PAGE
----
Six hundred severely ill Covid-19 patients have received blood plasma from recovered patients in a study researchers hope sheds light on whether the experimental therapy improves health outcomes, and yields other useful data outside the scientific rigor of a traditional clinical trial, The Wall Street Journal reported.
The patients are participating in a national expanded-access program authorized in early April by the federal Food and Drug Administration. Expanded access, also known as compassionate use, is often sought by patients with life-threatening illnesses for which there are no approved therapies, or who can’t participate in clinical trials, the Journal added.
The utility of data from compassionate-use studies is a source of debate within the medical and scientific community, where the gold standard for determining a new drug’s safety and efficacy has long been the controlled clinical trial.
In those traditional randomized trials, one group of patients gets the experimental drug and a control group gets either the standard therapy or a placebo, the Journal writes.
Critics say it is impossible for compassionate-use studies to show whether a drug is working, because every patient in those studies gets the compound, with no control group for comparison. Opponents also worry that patients could become reluctant to enroll in traditional clinical trials for fear they won’t get the experimental therapy.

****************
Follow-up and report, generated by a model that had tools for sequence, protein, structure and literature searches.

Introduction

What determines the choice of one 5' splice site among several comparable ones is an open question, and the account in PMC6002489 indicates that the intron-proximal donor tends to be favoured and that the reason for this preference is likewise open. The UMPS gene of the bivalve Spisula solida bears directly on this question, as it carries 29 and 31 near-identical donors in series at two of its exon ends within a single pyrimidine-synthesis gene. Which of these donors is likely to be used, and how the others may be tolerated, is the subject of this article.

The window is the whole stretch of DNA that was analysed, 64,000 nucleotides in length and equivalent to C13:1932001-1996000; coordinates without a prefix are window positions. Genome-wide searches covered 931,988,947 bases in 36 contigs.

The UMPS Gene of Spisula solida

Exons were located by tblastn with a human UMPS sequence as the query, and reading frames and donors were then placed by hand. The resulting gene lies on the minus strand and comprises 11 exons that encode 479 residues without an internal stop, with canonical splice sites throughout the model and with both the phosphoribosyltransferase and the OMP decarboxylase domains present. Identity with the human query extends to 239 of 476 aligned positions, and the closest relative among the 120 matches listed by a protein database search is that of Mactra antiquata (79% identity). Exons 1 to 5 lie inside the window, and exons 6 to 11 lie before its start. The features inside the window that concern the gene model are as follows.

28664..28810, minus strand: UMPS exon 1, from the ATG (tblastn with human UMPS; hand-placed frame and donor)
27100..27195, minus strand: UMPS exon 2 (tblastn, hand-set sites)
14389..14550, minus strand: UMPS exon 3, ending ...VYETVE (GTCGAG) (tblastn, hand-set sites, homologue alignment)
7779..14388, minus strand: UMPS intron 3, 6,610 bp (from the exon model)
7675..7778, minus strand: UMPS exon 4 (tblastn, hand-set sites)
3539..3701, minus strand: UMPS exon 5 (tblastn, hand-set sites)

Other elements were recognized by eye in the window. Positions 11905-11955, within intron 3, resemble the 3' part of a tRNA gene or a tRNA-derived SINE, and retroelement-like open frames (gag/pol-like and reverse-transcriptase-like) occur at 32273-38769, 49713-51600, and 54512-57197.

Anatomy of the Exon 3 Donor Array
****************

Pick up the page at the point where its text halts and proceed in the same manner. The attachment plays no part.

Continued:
Without a control group, though, researchers can’t be certain what is making the difference. Age, gender, weight, underlying health conditions, socioeconomic status and doctors’ own biases all can influence a patient’s outcome.
And in many diseases, including Covid-19, some patients are going to get better on their own. As a result, compassionate use has been viewed as a way to give patients emergency access to experimental therapies rather than a source of reliable data, the Journal adds.